It certainly has plenty of people in a tizzy. David Frum was so upset by it that he had to break his response into 5 separate Daily Beast posts.
David Brooks, on the other hand, just loved it.
I gather from the reviews I've seen that Mr. Murray's chief argument is that the white "working class" (you know, the people folks like Brooks, Frum and Murray have never met) have created their own brand of perma-misery by being drunken, sex-crazed, lazy louts.
Well. Now that we know that, what do we do? Why, we educate and uplift the poor unwashed masses, of course! Murray contends that the upper class has attained and retained its comforts because it practiced superior moral habits, such as stable marriages, in-wedlock child rearing, churchgoing, etc. He commands these sterling, doughty souls to leave their enclaves forwith, go forth and preach The Way to the heathens.
(Which leaves me wondering: who will be the chief Upper Class Virtue spokesman? Newt Gingrich, with his multiple marriages and affairs? Bill Clinton, his nearest rival in the horny-toad contest? Or perhaps we could catch one the Kennedys in between rehab stints. Or maybe Bob Packwood or John Ensign could be persuaded to come out of retirement...There's nothing like a good "Do As I Say, Not As I Do" speaking tour!)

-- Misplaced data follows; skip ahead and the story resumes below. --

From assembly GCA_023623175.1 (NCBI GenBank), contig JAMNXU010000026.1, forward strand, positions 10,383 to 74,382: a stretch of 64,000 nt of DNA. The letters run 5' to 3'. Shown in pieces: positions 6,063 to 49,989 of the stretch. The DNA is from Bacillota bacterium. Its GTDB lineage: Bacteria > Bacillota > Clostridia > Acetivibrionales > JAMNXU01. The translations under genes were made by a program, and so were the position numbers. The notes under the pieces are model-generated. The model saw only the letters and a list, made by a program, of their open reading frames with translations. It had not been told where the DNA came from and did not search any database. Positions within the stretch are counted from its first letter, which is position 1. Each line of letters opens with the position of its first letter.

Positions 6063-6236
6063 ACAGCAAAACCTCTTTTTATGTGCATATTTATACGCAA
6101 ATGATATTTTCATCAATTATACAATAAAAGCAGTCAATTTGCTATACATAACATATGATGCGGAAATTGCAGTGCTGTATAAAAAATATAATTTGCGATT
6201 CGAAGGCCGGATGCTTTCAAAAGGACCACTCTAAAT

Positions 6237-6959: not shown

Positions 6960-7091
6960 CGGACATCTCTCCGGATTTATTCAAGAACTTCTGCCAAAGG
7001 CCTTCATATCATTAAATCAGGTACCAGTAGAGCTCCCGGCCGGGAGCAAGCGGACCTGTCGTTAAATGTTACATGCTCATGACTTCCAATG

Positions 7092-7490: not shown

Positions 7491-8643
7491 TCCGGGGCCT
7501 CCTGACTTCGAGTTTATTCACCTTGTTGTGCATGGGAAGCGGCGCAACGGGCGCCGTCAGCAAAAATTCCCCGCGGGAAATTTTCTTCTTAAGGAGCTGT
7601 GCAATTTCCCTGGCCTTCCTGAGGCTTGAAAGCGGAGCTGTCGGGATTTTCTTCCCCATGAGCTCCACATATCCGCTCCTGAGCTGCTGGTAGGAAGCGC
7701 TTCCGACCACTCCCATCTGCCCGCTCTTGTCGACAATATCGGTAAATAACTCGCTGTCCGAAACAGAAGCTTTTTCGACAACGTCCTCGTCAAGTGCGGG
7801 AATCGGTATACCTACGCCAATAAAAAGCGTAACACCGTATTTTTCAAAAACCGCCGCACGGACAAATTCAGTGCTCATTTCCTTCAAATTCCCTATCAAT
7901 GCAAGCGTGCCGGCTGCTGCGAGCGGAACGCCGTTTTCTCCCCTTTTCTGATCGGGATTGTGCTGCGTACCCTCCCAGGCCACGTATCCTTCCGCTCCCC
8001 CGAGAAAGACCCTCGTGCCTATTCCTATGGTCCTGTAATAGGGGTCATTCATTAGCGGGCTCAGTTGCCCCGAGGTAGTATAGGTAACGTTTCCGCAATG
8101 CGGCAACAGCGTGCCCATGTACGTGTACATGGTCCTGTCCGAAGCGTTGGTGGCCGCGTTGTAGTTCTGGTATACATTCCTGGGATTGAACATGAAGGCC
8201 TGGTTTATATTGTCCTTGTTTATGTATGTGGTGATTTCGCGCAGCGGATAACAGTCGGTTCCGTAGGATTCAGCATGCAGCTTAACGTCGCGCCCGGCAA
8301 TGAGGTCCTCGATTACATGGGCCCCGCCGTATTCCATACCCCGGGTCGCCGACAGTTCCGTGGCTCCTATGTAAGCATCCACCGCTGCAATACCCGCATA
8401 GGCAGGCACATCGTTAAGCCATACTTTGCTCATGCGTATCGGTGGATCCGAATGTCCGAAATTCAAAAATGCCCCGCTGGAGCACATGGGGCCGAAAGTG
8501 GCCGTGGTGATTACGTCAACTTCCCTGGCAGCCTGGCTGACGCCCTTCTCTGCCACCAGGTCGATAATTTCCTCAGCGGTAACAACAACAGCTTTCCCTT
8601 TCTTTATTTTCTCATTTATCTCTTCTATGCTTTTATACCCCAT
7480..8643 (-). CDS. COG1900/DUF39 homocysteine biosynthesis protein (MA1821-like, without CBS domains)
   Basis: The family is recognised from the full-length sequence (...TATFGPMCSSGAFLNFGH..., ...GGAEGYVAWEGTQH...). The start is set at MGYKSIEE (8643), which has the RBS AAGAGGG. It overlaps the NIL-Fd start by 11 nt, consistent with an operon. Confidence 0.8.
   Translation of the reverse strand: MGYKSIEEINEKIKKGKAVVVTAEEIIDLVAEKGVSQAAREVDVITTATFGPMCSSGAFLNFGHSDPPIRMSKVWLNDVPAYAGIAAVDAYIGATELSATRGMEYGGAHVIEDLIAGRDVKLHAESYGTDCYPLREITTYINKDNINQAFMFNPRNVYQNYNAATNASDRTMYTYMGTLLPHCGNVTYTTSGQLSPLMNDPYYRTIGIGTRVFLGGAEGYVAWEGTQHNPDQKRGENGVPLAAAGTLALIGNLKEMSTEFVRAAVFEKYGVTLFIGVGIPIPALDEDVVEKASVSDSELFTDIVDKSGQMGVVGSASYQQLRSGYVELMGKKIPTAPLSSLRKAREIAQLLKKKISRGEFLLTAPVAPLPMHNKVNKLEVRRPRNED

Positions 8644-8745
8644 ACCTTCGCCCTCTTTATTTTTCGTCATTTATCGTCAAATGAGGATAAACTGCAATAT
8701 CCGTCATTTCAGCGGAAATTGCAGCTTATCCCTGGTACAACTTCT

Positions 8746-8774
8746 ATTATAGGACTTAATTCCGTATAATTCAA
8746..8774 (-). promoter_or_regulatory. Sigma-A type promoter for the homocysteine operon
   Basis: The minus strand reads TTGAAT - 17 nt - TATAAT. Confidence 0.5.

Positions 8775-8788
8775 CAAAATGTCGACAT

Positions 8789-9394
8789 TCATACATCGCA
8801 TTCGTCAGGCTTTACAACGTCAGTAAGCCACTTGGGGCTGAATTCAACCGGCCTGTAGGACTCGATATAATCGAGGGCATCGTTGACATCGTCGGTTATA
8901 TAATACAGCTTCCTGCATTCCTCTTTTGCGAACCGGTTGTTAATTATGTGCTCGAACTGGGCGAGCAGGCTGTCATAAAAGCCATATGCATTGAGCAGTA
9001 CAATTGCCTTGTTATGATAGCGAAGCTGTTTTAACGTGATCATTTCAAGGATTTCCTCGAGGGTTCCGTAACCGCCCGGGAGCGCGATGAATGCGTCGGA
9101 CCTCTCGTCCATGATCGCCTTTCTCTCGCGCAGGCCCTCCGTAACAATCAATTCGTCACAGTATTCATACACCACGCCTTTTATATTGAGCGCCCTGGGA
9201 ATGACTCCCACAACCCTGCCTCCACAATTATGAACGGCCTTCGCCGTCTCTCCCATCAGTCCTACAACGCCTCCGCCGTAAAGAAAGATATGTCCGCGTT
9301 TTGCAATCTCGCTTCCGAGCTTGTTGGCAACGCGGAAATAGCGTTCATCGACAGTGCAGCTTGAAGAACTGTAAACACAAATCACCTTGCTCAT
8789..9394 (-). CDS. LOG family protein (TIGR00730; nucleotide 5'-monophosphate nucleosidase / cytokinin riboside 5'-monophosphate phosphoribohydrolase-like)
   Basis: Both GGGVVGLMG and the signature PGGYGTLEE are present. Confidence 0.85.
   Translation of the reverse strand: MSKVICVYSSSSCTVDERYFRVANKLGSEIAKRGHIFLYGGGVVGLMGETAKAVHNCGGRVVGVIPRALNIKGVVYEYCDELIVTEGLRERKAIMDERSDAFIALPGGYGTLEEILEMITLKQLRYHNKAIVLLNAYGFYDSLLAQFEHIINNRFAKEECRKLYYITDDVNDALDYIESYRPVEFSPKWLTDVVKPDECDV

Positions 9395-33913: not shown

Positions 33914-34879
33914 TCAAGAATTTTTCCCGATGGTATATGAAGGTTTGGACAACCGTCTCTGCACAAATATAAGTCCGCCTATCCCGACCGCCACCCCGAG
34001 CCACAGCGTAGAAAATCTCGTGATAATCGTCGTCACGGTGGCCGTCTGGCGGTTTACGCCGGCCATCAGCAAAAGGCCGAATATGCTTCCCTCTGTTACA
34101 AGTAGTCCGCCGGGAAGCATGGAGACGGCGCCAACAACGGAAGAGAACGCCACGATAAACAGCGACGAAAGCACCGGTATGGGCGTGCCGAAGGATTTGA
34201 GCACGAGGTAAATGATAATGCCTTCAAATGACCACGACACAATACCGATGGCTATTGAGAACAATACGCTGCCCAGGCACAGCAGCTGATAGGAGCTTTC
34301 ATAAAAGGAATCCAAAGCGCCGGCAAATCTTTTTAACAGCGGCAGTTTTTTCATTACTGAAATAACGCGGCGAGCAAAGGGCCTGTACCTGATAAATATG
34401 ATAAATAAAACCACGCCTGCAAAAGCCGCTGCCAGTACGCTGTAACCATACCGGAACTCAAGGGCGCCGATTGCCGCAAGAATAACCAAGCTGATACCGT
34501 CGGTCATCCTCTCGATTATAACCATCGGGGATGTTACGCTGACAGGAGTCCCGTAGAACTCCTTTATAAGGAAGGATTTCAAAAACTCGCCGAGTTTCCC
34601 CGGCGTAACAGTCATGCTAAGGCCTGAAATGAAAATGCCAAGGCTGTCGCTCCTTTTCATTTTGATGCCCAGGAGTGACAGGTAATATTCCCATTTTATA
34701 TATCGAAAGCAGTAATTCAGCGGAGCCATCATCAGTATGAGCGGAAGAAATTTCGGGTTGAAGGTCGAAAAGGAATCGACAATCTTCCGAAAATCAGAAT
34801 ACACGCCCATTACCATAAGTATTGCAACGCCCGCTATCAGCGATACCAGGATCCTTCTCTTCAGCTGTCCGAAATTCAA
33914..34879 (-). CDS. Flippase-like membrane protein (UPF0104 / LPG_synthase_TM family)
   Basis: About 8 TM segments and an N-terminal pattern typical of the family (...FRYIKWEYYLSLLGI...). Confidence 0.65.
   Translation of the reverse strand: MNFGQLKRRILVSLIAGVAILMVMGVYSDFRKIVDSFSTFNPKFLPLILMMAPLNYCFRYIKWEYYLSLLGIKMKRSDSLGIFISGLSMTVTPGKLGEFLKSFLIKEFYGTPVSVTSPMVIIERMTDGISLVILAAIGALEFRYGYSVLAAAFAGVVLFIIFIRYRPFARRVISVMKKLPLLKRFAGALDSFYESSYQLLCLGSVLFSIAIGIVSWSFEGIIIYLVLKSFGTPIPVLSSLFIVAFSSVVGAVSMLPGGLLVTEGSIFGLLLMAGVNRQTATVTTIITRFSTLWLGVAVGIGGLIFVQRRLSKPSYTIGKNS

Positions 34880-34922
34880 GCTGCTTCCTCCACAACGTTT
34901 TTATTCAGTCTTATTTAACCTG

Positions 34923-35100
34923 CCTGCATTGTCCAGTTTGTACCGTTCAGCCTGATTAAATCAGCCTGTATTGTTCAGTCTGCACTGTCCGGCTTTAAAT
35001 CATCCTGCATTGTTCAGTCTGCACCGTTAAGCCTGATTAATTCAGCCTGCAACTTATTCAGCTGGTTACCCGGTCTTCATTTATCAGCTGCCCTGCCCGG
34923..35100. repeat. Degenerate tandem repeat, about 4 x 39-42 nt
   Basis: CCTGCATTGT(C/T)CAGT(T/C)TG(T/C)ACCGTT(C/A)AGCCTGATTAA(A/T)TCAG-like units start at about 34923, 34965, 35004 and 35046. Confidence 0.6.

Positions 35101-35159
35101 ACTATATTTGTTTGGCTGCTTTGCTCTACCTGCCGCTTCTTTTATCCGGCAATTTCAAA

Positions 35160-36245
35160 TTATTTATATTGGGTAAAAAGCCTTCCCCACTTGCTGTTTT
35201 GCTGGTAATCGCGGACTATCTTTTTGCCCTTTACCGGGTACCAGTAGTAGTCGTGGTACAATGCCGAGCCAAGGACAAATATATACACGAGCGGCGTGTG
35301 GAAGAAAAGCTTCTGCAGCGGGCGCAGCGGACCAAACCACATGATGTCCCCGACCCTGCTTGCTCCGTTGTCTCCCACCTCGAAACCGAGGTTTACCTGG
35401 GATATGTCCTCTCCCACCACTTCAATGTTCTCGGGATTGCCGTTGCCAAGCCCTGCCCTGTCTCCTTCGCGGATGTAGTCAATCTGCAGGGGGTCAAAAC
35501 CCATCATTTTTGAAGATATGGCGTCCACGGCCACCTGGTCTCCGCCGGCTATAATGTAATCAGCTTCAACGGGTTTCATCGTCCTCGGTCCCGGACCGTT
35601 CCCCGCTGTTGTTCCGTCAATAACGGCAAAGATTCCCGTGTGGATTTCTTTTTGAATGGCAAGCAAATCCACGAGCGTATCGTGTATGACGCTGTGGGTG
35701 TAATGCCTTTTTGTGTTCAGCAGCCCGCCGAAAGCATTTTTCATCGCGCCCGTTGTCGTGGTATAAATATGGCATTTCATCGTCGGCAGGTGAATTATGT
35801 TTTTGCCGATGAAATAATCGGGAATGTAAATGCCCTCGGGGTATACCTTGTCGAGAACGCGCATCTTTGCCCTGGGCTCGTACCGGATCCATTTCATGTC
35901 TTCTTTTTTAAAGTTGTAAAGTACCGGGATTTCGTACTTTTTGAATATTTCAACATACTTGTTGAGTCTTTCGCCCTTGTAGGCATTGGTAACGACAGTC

I haven't read the book- or rather, I haven't read all of it. What prompted this post was an excerpt I found. Murray has created a quiz he calls "How thick is your bubble?" Here's his explanation of what he means:
A new upper class that makes decisions affecting the lives of everyone else but increasingly doesn’t know much about how everybody else lives is vulnerable to making mistakes.How vulnerable are you?
Well, I couldn't help myself. I rubbed my hands with glee and immediately started taking the quiz.
It's wonderfully offensive. For example, one question asks "Have you or your spouse ever bought a pickup truck?" (You score 2 points if you answer yes.). Another revealing query: "Have you ever purchased Avon products?"
Truly incisive. What Murray doesn't realize is that in trying to illuminate the lives of the ordinary for clueless Ubermenschen, he tells us more about himself than anyone else. In interviews, Murray claims that he specifically limited himself to describing the shortcomings of white Americans so as to avoid the nasty accusations of racism that followed publication of The Bell Curve. Yet the questions in this quiz leave little doubt that, if he had included minorities, he would have also asked, "How often in the last year did you eat beans?" or, "Did you serve watermelon at your last party?"
But I digress. The purpose of this post is to encourage as many people as possible to actually take the quiz. After all, it may be the only portion of Coming Apart you ever voluntarily read.
(Full Disclosure: I scored a 45.)